HR 400/ S507: Prior User Rights

As someone concerned about the rights of the small inventor I offer some information about the problems about these bills' "Prior User Rights" provisions:

It would impair the ability of small inventors to profit from the technology they invent.

The case law already invalidates any patent filed more than one year after the invention was commercialized by the inventor or anyone else. The federal appeals court that handles all patent cases has stated "it is well settled that the 'on sale' [commercialization] bar applies to sales made by the inventor or another, with or without the inventor's consent." So what does this legislation accomplish? It allows patent infringers to defeat an inventor without having to generate the evidence necessary to invalidate the inventor's patent. It is likely that the current Senate bill will be interpreted by the courts to require less evidence of commercial use than the "clear and convincing" evidence required to invalidate a patent.

This legislation allows patent infringers, who are notorious for harassing and cheating entrepreneurial inventors, to more easily get around patent rights. Those unscrupulous enough to infringe a patent will not always be discouraged from "manufacturing" evidence to avoid paying the price for that infringement. This legislation makes it easier for them to do.

Contrary to what has been claimed by its proponents, it would actually slow the introduction of new technology in many cases.

As an entrepreneurial inventor, my strategy for dealing with this legislation will be to file a provisional patent application to effectively delay the whole process by a year. If I see that no commercial products are on the horizon that might use my invention, I will then proceed with a patent. The provisional application will preserve my filing date, so that a future patent infringer will need to produce evidence going back one full year more than he otherwise would need to.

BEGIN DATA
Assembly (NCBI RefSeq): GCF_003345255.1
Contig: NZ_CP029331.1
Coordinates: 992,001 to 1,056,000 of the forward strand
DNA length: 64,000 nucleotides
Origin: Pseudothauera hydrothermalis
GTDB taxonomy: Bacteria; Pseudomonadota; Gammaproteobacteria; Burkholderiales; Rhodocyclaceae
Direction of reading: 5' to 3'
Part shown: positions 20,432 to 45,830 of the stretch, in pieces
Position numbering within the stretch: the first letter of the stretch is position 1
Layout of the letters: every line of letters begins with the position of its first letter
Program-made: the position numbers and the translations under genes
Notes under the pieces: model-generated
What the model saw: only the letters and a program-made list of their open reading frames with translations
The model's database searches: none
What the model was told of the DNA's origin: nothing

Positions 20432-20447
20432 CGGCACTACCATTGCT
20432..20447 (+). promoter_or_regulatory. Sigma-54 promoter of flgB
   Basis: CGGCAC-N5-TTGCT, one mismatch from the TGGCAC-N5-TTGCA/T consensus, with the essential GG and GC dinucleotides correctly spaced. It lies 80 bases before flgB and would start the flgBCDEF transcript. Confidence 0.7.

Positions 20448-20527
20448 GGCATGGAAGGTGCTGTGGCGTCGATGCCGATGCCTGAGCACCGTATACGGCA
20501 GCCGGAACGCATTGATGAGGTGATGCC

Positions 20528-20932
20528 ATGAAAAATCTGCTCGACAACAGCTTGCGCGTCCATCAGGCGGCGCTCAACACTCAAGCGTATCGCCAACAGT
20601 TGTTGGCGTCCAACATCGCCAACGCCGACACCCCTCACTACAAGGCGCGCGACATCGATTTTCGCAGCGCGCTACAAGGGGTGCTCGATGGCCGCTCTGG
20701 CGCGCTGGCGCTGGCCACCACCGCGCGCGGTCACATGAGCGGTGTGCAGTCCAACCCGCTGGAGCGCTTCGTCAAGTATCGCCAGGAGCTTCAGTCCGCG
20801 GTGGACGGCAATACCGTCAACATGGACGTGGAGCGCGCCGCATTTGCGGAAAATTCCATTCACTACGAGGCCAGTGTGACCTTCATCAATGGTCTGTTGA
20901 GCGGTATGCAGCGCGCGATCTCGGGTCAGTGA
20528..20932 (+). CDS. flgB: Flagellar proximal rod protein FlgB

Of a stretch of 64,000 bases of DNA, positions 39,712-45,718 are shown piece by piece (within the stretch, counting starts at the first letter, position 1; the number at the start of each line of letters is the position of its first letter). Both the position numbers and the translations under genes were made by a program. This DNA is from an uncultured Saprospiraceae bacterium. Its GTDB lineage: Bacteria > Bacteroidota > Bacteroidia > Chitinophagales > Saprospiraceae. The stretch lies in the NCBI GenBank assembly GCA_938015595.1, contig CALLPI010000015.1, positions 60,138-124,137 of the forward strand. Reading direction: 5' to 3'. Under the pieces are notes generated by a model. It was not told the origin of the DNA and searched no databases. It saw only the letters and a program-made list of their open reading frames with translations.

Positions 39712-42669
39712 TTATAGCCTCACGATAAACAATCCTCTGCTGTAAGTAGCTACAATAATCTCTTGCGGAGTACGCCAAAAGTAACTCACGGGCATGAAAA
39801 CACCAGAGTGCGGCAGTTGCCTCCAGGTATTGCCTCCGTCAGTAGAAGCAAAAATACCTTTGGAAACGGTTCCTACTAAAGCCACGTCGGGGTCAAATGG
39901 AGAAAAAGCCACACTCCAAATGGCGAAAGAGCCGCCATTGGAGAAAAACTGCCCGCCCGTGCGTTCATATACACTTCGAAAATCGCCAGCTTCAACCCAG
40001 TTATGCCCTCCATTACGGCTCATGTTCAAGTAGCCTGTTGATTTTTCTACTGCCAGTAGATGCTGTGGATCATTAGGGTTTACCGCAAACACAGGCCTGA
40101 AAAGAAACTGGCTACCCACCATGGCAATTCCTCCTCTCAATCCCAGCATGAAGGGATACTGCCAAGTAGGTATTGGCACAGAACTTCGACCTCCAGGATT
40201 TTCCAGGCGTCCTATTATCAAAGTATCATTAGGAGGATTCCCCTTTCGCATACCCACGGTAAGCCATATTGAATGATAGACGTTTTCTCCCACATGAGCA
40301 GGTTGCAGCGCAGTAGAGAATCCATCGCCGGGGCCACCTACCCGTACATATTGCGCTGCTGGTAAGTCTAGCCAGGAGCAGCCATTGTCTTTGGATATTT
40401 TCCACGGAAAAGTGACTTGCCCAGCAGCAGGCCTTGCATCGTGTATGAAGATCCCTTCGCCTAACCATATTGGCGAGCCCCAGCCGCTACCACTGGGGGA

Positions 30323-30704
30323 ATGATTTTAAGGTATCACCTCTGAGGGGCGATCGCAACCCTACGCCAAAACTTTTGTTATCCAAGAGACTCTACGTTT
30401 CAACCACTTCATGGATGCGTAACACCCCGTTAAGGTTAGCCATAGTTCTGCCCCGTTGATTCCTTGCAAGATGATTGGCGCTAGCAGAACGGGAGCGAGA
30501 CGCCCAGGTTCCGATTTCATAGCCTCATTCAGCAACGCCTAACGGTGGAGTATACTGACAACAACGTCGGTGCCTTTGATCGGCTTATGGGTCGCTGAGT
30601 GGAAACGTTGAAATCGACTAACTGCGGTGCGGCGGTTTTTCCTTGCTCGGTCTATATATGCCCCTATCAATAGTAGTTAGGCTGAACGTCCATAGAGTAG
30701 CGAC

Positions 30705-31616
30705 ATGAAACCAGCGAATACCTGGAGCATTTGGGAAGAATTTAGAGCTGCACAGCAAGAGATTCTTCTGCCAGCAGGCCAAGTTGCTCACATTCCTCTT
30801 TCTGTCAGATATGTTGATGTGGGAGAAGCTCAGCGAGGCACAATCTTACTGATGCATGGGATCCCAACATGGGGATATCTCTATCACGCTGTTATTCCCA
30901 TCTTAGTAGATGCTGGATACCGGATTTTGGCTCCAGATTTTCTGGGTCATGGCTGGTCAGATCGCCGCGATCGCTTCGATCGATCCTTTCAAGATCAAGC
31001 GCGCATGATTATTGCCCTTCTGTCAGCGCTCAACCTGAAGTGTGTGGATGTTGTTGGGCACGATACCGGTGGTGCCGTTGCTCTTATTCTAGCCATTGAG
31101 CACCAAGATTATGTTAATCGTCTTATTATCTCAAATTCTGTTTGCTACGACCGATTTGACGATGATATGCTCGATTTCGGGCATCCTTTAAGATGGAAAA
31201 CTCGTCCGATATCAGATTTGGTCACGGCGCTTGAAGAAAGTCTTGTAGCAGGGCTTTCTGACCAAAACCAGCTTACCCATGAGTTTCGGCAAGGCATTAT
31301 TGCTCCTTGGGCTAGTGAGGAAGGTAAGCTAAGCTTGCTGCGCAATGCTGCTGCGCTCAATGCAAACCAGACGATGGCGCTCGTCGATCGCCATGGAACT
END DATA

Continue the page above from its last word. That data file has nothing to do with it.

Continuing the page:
This strategy will help to protect me from unscrupulous infringers, but my technology will take an extra year to reach the public through the disclosure of the patent system.

The Constitution's intent of an "exclusive Right" would be thwarted by its elimination of patent rights against those who profit from their inventions without any disclosure for the benefit of the public.

The Congressional Record shows some of the same complaints that have always been thrown at the patent system by those who wish to weaken the "exclusive Right" to patent protection sanctioned by the Constitution. Complaints were made about the Campbell amendment that it would weaken the prior user "right." The right in question is the constitutional patent right, which the Campbell Amendment would help to protect. A valid patent serves the public by denying rights to the public for a short length of time, solely to give inventors an incentive to do their work. As stated by the U.S. Supreme Court,
By the Patent laws Congress has given the inventor opportunity to secure the material rewards for his invention for a limited time, on condition that he make full disclosure for the benefit of the public of the manner of making and using the invention. 326 U.S. 249, 255.

This legislation tears up this contract between Congress and the inventor by granting an exception for those who secure the material rewards for their inventions without any disclosure for the benefit of the public.

Legislative Suggestions